Finding the perfect hairstylist is harder than finding the perfect mate. (Hairstylists are also harder to break up with.) Those who have found themselves in Chelsea Nichol's capable, artistic hands know they've got a good thing going. Nichol — who looks like she should be fronting a band, or perhaps dating the guy who does — is a sheer genius with cut and color. She'll suggest a style you haven't even thought of, won't let you tread down the wrong path, and will always leave you feeling infinitely cooler. The conversation is pretty exceptional, too. ABBY WHITE PLACHY
BEST DENTIST: KATHERINE HALL, DDS
In the heart of downtown Nashville, in the old Doctors' Building, you'll find one of the city's best-kept secrets in dentistry. Katherine Hall is the kind of dentist you hope for, a genial pragmatist who doesn't turn a diagnosis into a sentencing. She's got a deft hand with sharp, pointy things and a killer wit. One of the many Nashville dentists who volunteers with the Interfaith Dental Clinic (a wonderful group helping the city's most endangered teeth), Hall has a lively office, a great staff, and an unswerving dedication to making your teeth look and act their best. JASON SHAWHAN
BEST COMBINATION GUITAR SHOP AND VINTAGE BOUTIQUE: FANNY'S HOUSE OF MUSIC/DIAMOND STAR HALO VINTAGE
What's better than a guitar shop and a vintage boutique in one? Nothing. Fanny's is a little piece of East Nashville synergy, where you can get your groove on trying out basses and guitars, and also get your style on trying out pristine vintage finds from Diamond Star Halo. They stock men's and women's clothing, so everyone can look good whatever the occasion. Fanny's is lady musician-owned, and they also offer lessons for anyone who needs or wants them. JO-JO JACKSON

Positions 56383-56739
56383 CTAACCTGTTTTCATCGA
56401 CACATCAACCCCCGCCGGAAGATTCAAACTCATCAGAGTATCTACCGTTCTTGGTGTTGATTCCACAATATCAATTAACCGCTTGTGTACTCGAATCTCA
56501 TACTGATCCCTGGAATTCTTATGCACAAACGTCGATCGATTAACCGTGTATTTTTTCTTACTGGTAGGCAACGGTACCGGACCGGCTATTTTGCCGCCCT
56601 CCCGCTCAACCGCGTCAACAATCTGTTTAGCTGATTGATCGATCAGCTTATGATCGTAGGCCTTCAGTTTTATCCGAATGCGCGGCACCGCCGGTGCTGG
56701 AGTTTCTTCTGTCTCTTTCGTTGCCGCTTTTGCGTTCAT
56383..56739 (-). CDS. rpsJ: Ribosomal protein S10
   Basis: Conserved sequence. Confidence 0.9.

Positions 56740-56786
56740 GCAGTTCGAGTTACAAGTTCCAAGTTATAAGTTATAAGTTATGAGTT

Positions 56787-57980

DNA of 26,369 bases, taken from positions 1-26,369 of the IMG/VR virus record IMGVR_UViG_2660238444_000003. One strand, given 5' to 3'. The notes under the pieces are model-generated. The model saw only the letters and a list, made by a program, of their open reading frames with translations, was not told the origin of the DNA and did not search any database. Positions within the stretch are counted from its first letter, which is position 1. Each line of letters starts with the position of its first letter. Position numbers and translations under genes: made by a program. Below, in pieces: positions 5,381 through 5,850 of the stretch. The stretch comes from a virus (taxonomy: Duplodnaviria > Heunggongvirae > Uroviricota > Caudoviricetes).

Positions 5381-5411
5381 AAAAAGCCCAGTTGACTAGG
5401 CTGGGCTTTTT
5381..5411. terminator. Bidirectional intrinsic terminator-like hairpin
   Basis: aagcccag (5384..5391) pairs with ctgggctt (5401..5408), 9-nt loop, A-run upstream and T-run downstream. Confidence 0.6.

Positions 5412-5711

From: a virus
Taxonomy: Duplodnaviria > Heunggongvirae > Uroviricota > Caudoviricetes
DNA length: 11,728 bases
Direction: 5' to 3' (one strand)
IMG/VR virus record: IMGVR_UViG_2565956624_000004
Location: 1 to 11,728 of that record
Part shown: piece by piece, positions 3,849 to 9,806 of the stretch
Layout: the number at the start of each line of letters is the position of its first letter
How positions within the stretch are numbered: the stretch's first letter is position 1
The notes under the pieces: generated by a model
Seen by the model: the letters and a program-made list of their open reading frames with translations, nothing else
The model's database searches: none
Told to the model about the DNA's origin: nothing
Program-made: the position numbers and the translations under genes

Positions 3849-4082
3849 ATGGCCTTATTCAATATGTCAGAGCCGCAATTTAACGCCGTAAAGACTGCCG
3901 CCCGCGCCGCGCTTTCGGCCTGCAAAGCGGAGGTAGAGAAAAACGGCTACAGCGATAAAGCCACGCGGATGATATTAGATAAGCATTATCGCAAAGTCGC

BEST ECO-FRIENDLY BUSINESS IDEA: NASHVILLE FOODSCAPES
Many would-be locavores possess the seedlings of idealism, but don't know how to nourish them with the waters of know-how and practical experience. They've been totally thinking of planting some tomatoes or something — for the past 10 summers. If that's you, make a call to Nashville Foodscapes. Started by local horticulture guru Jeremy Lekich, this innovative business takes the trial-and-error out of turning your yard into a pesticide-free edible Eden. Set up a consultation, and they'll make a design to your specs, plant a veggie garden or fruit orchard, help with maintenance — even set up a compost pile. EMILY BARTLETT HINES
BEST CARGO CULT: TRADER JOE'S
True, Trader Joe's — "TJ" to my household, which should just mainline direct-deposit straight into its registers — lacks a lot of the amenities of a Kroger (24-hour convenience, pharmacies) or Publix (deli counters, on-site bakery). Nor is it nearly as dirt-cheap as its distant corporate cousin ALDI ("Where Belgian Chocolate Goes to Die"). But if boutique mega-markets such as Whole Foods traffic in what Michael Pollan called "supermarket pastorals" — green-leaning packaging that camouflages a product's true economic and environmental footprint — Trader Joe's tends to make even the stuff that's good for you seem as enticingly goofy as junk food, with its tiki-lounge motifs and kitschy sub-brands (e.g., spaghetti sauce from "Trader Giotto"). Walk in cold, and you'll feel like the guy who didn't get the memo about Talk Like a Pirate Day. Its products inspire a kind of cultish devotion, whether as gift items (the many plastic tubs of arcane international sweets) or household staples (try the frozen mandarin orange chicken bites!). Say, know what you get when you mix Trader Joe's Turkey Chili with a tub of spreadable Pub Cheese? Addicted. JIM RIDLEY
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What restaurants in Nashville, TN are good for large groups?
Margaritaville on Broadway will take large call ahead groups.
Where's a good restaurant in Nashville Tennessee?
If you like pizza, try Pizza Perfect by Vanderbilt.